AUSTIN (KXAN) — Most Central Texas families have about two weeks until the first day of school, but two growing charter school systems in Austin start early and their enrollment is higher than ever.
Class is back in session at KIPP Austin Public Schools, a network of free, public college-prep charter schools.
Monday, they welcomed students to their new, third location in Northeast Austin. It’s an old lighting factory on Cameron Road that’s been transformed into a learning space.
“We’re super excited about this campus because it is helping us grow overall as a district,” said Choquette Hamilton, KIPP Austin’s Chief Operating Officer.
Back in 2007, KIPP Austin made a promise to the Austin community to serve 5,000 students by year 2020. They have just passed the mark four years early.
“In order to get to serving 5,600 kids we literally just needed more space,” said Hamilton.
Kipp Austin tells KXAN their students come from the following 10 local school districts:
- Del Valle
- Round Rock
Another growing charter system in Austin is IDEA Public Schools. They will start next week with 2,300 across six campuses.
Back in May, IDEA’s executive director Larkin Tackett told KXAN they turned away 3,000 students in Central Texas due to lack of space, and proceeded to announce an expansion plan to serve 20,000 students by year 2028.
While these two local charters thrive, the Austin Independent School District knows it has an uphill battle. It will spend the next two weeks recruiting as many students as possible.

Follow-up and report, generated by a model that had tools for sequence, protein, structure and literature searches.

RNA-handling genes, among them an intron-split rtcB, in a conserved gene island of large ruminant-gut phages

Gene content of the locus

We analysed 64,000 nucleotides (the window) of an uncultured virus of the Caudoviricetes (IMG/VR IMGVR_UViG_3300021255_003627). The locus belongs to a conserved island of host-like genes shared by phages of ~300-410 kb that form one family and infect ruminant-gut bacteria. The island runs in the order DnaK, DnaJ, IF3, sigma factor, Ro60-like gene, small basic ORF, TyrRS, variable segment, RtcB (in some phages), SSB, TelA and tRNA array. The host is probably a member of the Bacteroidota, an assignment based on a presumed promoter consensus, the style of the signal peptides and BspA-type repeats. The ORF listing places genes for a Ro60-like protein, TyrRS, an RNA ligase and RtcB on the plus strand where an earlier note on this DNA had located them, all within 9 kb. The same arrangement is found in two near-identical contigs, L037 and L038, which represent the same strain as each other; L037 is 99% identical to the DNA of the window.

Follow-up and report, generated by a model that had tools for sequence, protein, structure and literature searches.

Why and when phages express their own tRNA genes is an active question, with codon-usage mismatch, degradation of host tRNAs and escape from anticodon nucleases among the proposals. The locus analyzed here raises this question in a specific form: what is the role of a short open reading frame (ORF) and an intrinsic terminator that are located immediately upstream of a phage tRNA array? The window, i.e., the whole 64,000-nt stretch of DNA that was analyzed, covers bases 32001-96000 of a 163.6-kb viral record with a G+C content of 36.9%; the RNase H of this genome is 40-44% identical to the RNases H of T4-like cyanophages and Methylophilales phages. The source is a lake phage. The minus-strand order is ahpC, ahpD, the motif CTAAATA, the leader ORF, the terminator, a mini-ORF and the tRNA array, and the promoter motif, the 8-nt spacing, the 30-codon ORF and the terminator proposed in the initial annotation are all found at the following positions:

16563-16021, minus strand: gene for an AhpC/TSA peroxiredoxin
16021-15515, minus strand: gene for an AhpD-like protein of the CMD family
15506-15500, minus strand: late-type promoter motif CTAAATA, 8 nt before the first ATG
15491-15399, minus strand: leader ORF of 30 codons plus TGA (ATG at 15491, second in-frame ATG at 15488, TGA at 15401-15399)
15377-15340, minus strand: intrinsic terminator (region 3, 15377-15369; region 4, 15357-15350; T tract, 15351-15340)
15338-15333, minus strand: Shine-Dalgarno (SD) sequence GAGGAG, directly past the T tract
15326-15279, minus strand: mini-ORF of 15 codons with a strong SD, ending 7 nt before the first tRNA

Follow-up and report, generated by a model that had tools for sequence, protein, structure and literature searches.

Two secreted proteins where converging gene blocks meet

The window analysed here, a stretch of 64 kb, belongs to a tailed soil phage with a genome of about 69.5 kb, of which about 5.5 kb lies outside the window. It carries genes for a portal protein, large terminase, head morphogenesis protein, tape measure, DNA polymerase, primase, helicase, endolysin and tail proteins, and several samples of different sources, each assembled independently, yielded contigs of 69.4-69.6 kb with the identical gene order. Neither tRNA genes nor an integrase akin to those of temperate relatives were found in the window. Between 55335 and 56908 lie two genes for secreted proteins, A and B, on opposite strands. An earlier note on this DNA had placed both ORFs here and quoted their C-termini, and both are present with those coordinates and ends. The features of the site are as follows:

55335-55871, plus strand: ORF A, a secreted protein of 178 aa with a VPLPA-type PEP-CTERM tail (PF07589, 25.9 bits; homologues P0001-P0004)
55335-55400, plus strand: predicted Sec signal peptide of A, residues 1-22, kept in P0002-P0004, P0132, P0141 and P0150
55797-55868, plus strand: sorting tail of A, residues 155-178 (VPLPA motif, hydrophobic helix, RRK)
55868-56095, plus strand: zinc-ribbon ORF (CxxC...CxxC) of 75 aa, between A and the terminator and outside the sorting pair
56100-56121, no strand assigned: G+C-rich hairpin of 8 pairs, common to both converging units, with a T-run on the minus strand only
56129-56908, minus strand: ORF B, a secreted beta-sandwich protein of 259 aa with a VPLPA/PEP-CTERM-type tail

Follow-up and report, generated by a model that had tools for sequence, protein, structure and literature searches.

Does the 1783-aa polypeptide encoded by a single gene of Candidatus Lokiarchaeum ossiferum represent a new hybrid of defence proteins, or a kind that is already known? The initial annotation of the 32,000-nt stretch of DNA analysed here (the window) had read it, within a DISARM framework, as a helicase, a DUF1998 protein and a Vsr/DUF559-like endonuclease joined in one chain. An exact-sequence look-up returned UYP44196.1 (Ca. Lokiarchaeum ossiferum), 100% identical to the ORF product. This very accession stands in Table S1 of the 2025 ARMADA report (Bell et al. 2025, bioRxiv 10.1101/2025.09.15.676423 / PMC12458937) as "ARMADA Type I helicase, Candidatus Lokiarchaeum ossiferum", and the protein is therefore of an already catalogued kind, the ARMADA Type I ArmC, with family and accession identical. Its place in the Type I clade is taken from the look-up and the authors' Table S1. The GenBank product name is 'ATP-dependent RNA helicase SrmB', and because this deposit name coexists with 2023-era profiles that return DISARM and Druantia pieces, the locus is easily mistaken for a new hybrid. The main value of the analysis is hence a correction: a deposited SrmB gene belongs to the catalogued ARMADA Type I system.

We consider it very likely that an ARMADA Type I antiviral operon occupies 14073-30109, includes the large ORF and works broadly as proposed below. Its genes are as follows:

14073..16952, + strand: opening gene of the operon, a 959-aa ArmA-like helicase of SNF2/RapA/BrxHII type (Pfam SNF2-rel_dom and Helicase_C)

Projections for the 2016-2017 school year show a district wide enrollment of 82,829 students, which is a loss of 940 students from the previous school year.
|2015 numbers||2016 projections||Difference|
|Out of district transfers||1,206||1,206||0|
Source: AISD Projected Enrollment
The biggest hit by far is at the elementary level.
In an effort to turn the potential decline around, AISD has been spreading the word about special programs that set each campus apart.
One of the draws at Becker Elementary is dual language, where teachers like Allison Ashley teach the curriculum in both English and Spanish to help students master both languages at the same time.
“I’ve had in the past students that have transferred in from other parts of the city to come to our schools,” said Ashley, who was recently named the Region 13 Teacher of the Year. “I think it’s just such an amazing opportunity.”
She is not sure how many students will walk through her door on the first day of school, but is preparing for 20 third graders.
“You never know, you always get numbers and names but inevitably those change,” said Ashley.